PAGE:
The Titus Story
Life in 1960's Napa Valley (and indeed the world!) was much simpler than it is today. Lee Titus and his family came to California from Minnesota during the Depression. After graduating from Fresno State and serving in World War II, Lee attended medical school and became a radiologist. Meanwhile, Ruth Traverso was growing up in San Francisco's North Beach, where her parents, immigrants from the Piemonte region of Italy, were involved in the family's bakery business. During family vacations in Calistoga, Ruth helped friends harvest their grapes, giving her a love for Napa Valley and a kinship with grape farming.
Years later, having fallen in love, married and settled in the town of Sonoma with their four sons, Lee and Ruth began acquiring fifty acres in three separate parcels just north of St. Helena on the valley floor. California's wine industry had yet to achieve its enormous potential, and land was still affordable for the right purchaser. The vineyard Lee and Ruth Titus acquired in 1968 was originally planted to Mondeuce, Burger, and Golden Chasselas (varietals all but forgotten today) alongside more well known varietals like Pinot Noir, one that was poorly suited to the warm, up-valley microclimate. The vineyard needed a change.
Lee loved what was happening in Bordeaux at the time, and decided that he wanted to plant those same Bordeaux grape varietals. And so it began, with Lee holding a book on Bordeaux in one hand and planting grapevines with the other saying, "you boys are going to need this some day." At that time, planting Malbec and Petit Verdot for example, was relatively unheard of and probably considered risky. Now, Phillip and Eric absolutely appreciate their father's foresight.
It would be more than twenty years before the brothers crushed fruit for production of Titus Vineyards wines. Although they hoped one day to build a family operated winery, Lee and Ruth spent those interim years raising their sons and growing grapes for other wineries, including Charles Krug, Beaulieu Vineyards, Quail Ridge, and Pine Ridge.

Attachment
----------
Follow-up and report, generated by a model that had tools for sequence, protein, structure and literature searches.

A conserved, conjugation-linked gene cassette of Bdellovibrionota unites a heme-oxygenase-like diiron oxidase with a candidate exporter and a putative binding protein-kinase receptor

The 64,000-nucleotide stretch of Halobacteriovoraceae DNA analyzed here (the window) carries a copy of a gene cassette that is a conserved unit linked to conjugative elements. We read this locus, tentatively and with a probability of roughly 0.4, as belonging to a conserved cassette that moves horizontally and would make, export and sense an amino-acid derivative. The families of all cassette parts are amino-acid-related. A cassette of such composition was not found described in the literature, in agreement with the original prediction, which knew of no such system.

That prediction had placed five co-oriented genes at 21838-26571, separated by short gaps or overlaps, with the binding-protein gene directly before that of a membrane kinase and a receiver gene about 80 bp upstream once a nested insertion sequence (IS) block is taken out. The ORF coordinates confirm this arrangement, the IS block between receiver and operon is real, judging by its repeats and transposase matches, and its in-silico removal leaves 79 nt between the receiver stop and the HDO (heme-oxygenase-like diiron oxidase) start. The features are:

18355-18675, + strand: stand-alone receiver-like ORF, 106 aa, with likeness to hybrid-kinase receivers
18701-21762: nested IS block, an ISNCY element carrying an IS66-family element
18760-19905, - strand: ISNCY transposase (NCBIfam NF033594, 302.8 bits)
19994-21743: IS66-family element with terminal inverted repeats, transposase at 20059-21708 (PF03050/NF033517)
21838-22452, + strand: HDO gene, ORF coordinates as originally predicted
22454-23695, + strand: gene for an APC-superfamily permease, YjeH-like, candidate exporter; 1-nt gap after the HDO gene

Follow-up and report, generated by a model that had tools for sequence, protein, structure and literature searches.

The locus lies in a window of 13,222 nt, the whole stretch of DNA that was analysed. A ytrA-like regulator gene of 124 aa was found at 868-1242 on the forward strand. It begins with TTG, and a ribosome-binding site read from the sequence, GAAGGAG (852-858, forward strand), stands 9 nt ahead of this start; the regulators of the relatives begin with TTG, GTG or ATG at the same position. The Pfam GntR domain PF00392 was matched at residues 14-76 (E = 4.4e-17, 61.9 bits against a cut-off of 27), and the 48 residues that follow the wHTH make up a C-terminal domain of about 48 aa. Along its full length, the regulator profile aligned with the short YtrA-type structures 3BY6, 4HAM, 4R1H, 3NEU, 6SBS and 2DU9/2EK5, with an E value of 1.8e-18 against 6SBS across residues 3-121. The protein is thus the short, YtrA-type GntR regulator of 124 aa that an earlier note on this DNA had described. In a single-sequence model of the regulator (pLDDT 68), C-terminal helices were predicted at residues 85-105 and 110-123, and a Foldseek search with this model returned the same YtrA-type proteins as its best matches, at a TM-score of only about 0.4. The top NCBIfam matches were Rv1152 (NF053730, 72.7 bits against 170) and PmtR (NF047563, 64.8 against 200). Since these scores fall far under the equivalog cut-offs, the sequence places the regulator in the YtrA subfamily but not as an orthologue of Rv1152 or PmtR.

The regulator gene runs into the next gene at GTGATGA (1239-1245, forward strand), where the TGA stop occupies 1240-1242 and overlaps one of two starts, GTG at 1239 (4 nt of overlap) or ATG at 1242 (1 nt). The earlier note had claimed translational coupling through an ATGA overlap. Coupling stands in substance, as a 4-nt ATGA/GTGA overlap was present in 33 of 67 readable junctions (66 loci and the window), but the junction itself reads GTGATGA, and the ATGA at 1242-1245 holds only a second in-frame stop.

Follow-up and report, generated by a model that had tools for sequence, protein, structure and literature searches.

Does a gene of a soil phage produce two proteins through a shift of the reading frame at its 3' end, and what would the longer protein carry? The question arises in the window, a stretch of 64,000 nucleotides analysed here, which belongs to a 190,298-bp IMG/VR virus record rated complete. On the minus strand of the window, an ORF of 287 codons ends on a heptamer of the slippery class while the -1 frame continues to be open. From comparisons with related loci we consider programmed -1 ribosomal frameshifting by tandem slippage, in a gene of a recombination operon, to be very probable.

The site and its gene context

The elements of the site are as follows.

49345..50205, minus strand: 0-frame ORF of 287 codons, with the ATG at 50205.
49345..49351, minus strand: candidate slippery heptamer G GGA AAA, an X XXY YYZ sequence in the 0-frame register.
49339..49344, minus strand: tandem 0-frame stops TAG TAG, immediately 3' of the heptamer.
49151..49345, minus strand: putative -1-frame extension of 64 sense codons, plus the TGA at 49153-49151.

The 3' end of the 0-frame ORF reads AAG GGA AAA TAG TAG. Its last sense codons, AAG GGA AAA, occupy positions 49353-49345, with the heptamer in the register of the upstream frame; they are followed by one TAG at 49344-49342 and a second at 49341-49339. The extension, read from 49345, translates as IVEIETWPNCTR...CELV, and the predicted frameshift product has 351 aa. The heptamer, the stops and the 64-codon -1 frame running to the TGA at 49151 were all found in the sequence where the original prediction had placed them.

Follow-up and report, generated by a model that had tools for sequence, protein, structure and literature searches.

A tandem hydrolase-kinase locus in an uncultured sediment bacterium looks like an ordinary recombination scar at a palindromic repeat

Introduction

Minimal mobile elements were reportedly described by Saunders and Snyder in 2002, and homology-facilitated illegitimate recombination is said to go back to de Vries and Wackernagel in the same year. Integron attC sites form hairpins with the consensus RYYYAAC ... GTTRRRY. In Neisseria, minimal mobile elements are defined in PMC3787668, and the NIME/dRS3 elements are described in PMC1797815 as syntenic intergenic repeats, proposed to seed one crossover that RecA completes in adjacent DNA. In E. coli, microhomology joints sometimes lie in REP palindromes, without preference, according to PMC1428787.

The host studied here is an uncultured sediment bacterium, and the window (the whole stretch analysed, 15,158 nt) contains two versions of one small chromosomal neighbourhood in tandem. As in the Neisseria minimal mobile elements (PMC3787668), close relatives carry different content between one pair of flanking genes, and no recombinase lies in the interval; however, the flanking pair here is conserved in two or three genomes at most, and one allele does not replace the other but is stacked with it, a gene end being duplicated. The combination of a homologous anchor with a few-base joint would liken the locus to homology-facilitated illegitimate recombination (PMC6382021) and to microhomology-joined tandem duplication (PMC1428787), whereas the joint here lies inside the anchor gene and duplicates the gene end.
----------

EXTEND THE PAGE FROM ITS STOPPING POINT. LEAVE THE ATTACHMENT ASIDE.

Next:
Ultimately, Lee and Ruth left the creation of Titus Vineyards wines up to their sons: Phillip works as winemaker for Titus Vineyards, while Eric manages the business and vineyards.
Titus Vineyards places equal importance on both our viticultural and winemaking practices, embracing the belief that it takes great grapes to make great wine, and emphasizing the partnership between the brothers.
In addition to our portfolio being almost exclusively red wines, all of our wines are blends. This is the cornerstone of our winemaking philosophy. We believe blending varietals completes a wine, offering a superior expression of the primary grape variety, vintage, vineyard and region. This blending philosophy has become our hallmark of style, and influences our approach to every wine we make.
Eric's viticultural approach is based on low-intensity farming techniques that avoid pesticides, biocides and unnecessary fertilization. Eric believes that production of high-quality fruit begins with carefully matching the proper rootstock and variety to the particular soil of each vineyard block. Young vines are patiently trained into maturity with little emphasis on fruit load in the early years. In mature vines, yields are kept moderate in order to maximize the evenness and rate of ripening. Shoot thinning, fruit load reduction, selective irrigation and canopy management all aid in optimizing our fruit quality.
Following harvest the grapes are de-stemmed only, rather than crushed, leaving a higher percentage of whole berries in the fermenter. This method allows Phillip increased control over tannin extraction and prevents the seeds from breaking and releasing harshness into the wine. A 48-hour cold soak is followed by high fermentation temperatures and long pump-overs, with the goal of extracting as much color, flavor and structure as possible without over-extracting tannins. Grapes stay on the skins for 10-20 days before pressing. Once pressed, Phillip keeps the free run and press wine separate to evaluate the quality of each, with press wine rarely blended back into the free run. The resulting wines are aged in barrels for up to 2 years at 58 F, allowing them to mature and develop gracefully.